Justin Spiro, 36 and Jeremy Novich, 36, Vaccine Accessibility Mavens


@jusrangers / jeremynovichpsyd.com

The Jewish Week’s annual 36 Under 36 honors young leaders, entrepreneurs and change-makers who are making a difference in the life of Jewish New York. For the full list of this year’s “36ers,” click here.

What do you do?

Along with our partner Jason Lowe, we noticed how difficult it was to find scarce vaccine appointments back in January. It was especially challenging for older adults, precisely the population most in need of the vaccine. We began booking appointments for elderly family members and neighbors. Through word of mouth and social media, demand for the service grew, and we recruited a team of a dozen volunteers to book the hundreds of requests coming into a makeshift website. In February, we joined Brydge Health, collaboratively helping more than 6,000 people get vaccine appointments.

How did the pandemic affect your work?

The initial poor vaccine rollout created the opportunity for us to jump in and help the most vulnerable members of our community. Had there been no pandemic, or had the vaccine rollout kicked off in a way that effectively prioritized and protected older adults, our initiative would have never existed.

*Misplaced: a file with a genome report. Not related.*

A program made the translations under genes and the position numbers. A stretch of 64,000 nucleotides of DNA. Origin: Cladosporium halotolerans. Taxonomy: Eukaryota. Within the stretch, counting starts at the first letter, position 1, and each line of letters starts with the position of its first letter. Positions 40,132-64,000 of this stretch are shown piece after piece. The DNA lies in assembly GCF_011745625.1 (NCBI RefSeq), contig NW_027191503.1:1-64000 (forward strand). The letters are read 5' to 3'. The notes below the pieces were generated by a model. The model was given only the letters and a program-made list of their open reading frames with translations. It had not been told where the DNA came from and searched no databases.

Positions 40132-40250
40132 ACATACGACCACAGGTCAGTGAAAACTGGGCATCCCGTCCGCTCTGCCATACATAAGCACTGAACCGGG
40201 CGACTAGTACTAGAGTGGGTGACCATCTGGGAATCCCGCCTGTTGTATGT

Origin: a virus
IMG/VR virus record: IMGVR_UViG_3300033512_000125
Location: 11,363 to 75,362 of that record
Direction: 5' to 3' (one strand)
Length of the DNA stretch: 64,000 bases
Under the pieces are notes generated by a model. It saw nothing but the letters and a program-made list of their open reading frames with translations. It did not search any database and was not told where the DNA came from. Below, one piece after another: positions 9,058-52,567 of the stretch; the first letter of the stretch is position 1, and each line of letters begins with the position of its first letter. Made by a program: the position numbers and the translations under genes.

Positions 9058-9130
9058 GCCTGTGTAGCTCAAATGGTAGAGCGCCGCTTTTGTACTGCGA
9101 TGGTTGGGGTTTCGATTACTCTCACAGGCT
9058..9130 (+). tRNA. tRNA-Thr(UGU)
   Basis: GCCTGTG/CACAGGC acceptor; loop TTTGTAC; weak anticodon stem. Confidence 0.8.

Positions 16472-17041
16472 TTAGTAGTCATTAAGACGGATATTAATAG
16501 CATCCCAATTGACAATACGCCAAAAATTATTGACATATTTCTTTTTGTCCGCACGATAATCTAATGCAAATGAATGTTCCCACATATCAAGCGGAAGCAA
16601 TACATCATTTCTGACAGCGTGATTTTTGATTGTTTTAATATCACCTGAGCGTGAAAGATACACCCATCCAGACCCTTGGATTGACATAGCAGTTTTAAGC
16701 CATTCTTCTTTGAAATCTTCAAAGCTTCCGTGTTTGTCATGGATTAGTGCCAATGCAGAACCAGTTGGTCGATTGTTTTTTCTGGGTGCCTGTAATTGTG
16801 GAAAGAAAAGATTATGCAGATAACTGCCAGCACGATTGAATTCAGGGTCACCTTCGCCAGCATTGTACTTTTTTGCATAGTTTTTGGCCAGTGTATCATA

How does your Jewish identity influence your work?

Jeremy: To me, being Jewish is, at least in part, about being a mensch. Assisting older folks get a life-saving vaccine not only saves their lives, but also gives them a sense of feeling cared for. If that’s not an opportunity to be a mensch, I don’t know what is.

Justin: Judaism teaches that saving one life is akin to saving an entire world. Booking vaccines was difficult work, and we’d often spend hours agonizing over finding a good appointment for someone. But that Jewish adage kept us focused and motivated, knowing how important every life is.

What’s a fun fact about you?

Jeremy: I used to practice Krav Maga fairly intensely. I also hug quite well. So some might call me a lover AND a fighter.

Justin: I’ve been known to be a (very) amateur meteorologist, especially during snowstorms!

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